Saturday, February 18, 2006

Jukebox Juicebox #9

Goldfrapp "Ride A White Horse"
I've found it difficult to warm to Goldfrapp's latest material: I enjoyed the radical change from "Felt Mountain" to "Black Cherry", but still feel that "Supernature" has done little more than refine the electro-meets-glam rock of their previous album, albeit with arguably greater commercial success. Following on from "Ooh La La" and "Number 1", "Ride A White Horse" is an obvious choice for single. However, it's the remixes that provide the most enjoyment. On the 2-track CD, the DFA provide a dirty rework of "Slide In", the muddy-sounding beats complementing Alison Goldfrapp's affected vocals. The maxi-CD provides four mixes, the best being Serge Santiago's Re-Edit and the "Disco Whores Dub" by Francois Kervorkian and Eric Kupper. The ubiquitous Ewan Pearson provides the 15 minute + "Disco Odyssey Parts 1+2", combining a vocal and dub mix in the old tradition. I enjoy Pearson's mixes, but don't understand quite why his remix work is so acclaimed. Like his previous efforts for The Chemical Brothers, Depeche Mode and Goldfrapp, "Ride A White Horse" is pepped up with a club-friendly beat for an extended workout but Pearson has not particularly taken the song in a new direction. I'm immediately reminded of the 1980s extended 12" mixes by Julian Mendelsohn, Barbiero & Thomspon and even Francois Kervorkian himself. Download a few of the recommended remixes, or stick with the album if you prefer unadulterated Goldfrapp, otherwise skip this single.

Mew "Why Are You Looking Grave?"
The largely unappealing sleeve designs of their records detract from the lush sounds of Mew. On the strength of this single alone, it's like the slacker/grunge US rock scene of the late 1980s/early 1990s never died, a point made more obvious by the guest vocals from Dinosaur Jr's J Mascis on the opening album version. This 'collector's edition' CD perhaps takes things a little too far by compiling seven versions of the same song (nine if you count the additional studio and live videos). There are a number of variations, from alternative and live versions, to a demo recorded in the band's kitchen and another take played on their tour bus, but the majority of these are surplus to requirements. The sole remix, by ambient noiseniks Mogwai, singly makes this purchase worthwhile, retaining Mascis' lethargic singing and stretching it out over a swirling wash of sound. This CD provides great value for money, but you'll never be able to listen to it more than once in a single sitting - a four track EP would have been more than ample.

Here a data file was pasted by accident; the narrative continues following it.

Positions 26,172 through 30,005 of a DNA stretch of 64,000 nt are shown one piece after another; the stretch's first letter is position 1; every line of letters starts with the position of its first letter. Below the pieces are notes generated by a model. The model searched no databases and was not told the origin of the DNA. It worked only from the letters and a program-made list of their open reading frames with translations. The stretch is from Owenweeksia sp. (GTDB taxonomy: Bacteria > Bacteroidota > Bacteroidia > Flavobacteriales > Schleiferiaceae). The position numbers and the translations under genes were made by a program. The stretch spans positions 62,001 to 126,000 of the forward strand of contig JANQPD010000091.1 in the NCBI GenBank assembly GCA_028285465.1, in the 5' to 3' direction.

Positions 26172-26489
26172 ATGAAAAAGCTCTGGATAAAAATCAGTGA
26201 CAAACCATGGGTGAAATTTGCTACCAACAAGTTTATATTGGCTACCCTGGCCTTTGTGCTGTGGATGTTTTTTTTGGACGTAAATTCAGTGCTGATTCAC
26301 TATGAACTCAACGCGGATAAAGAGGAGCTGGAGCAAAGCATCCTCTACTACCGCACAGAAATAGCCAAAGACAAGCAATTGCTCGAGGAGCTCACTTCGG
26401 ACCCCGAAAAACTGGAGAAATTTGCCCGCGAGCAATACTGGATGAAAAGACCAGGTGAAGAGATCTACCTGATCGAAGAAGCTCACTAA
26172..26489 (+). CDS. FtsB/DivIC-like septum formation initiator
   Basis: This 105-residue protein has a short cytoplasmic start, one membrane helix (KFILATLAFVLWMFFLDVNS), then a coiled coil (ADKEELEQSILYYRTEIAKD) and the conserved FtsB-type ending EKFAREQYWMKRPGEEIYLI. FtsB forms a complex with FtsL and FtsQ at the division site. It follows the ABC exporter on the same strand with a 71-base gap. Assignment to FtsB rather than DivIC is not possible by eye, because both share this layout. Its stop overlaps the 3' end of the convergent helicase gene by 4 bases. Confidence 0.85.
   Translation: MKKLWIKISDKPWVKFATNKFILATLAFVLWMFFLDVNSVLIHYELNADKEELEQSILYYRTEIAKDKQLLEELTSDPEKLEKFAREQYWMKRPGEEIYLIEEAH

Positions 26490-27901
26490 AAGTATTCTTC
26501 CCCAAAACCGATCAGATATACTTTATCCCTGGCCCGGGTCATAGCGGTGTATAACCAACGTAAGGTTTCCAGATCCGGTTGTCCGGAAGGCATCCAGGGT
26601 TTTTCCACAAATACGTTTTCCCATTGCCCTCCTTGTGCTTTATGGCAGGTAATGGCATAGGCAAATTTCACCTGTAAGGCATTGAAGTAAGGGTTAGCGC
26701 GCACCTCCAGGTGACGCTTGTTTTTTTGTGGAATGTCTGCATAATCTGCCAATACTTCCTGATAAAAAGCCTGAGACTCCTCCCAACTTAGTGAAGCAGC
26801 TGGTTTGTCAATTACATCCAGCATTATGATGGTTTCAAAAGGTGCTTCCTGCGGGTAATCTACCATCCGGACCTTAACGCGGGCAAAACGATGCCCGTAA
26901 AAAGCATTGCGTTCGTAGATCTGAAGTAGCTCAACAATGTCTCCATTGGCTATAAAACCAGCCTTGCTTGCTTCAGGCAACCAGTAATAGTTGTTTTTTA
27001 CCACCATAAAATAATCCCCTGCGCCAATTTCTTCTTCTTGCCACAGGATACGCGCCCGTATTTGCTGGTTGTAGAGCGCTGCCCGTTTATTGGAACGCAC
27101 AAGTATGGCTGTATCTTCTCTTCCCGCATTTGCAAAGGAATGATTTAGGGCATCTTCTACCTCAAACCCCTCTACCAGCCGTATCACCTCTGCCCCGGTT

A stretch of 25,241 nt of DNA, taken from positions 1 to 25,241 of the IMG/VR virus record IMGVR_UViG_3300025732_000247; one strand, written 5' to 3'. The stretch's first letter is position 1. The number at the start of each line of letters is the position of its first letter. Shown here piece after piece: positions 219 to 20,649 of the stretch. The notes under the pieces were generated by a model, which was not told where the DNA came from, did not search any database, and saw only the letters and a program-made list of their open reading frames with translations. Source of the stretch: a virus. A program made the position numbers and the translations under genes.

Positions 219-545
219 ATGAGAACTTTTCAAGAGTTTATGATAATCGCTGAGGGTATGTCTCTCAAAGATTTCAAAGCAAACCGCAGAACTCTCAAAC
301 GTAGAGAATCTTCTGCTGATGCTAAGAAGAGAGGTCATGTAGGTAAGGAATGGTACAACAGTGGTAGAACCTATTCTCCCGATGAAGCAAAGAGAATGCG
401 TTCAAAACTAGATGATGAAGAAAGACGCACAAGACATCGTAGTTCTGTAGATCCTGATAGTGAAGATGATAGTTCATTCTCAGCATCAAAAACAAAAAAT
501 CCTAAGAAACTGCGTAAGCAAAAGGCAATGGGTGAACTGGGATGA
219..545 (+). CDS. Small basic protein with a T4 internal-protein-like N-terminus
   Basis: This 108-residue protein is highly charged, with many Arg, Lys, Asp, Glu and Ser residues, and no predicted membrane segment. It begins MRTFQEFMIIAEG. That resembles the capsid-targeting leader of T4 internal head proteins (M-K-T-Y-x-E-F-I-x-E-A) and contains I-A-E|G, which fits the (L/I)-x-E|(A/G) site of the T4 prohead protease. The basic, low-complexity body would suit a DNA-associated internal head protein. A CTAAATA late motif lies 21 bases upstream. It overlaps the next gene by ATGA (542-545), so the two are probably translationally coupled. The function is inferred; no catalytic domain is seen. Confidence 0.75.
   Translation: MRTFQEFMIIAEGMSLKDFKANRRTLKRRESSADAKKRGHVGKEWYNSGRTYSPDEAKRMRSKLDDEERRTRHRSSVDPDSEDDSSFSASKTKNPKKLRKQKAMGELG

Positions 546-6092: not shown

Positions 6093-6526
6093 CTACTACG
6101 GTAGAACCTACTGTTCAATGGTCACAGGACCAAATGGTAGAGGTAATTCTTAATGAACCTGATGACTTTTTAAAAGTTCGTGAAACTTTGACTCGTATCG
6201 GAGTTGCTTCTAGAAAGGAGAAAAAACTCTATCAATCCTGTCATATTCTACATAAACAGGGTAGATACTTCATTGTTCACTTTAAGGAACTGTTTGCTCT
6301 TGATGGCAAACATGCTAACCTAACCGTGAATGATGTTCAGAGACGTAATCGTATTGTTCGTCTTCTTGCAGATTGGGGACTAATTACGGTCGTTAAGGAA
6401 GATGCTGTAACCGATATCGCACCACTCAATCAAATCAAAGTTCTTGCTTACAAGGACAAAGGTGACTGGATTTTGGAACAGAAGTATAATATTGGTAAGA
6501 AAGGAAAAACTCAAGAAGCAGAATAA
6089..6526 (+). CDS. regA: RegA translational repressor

Cornershop "Wop the Groove"
Cornershop return with a new single featuring Rowetta, ex-Happy Mondays backing singer and, more recently, near-miss on the UK version of TV talent show "Pop Idol". Sadly, her powerful lungs are put to little use on this track, where she repeats the title in varying degrees of agitation. Accompanying track "The Dixons D90 Series" sees frontman Tjinder reciting what sounds like the manufacturer's warnings of possible faults with the eponymous tape product, over a sparse toy keyboard backing. Pointless instrumental versions of both tracks round off the EP. Cornershop seem to be wilfully avoiding repeating the commercial success of "Brimful of Asha", but these sound more like throwaway B-sides from the same period rather than a groundbreaking new direction.

The Magic Numbers "I See You, You See Me"
Another lovely offering from the dual brother-sister band, pairing the original album version with a strong live performance from last year's UK tour, and offered as a glorious double 7" single in red and white coloured vinyl respectively. The B-sides deliver two BBC Radio session cover versions, with varying success. Their close-harmonied take on The Smiths' "There Is A Light That Never Goes Out" is a mistake from the start, but the acoustic version of Beyonce's "Crazy In Love" is a winner.
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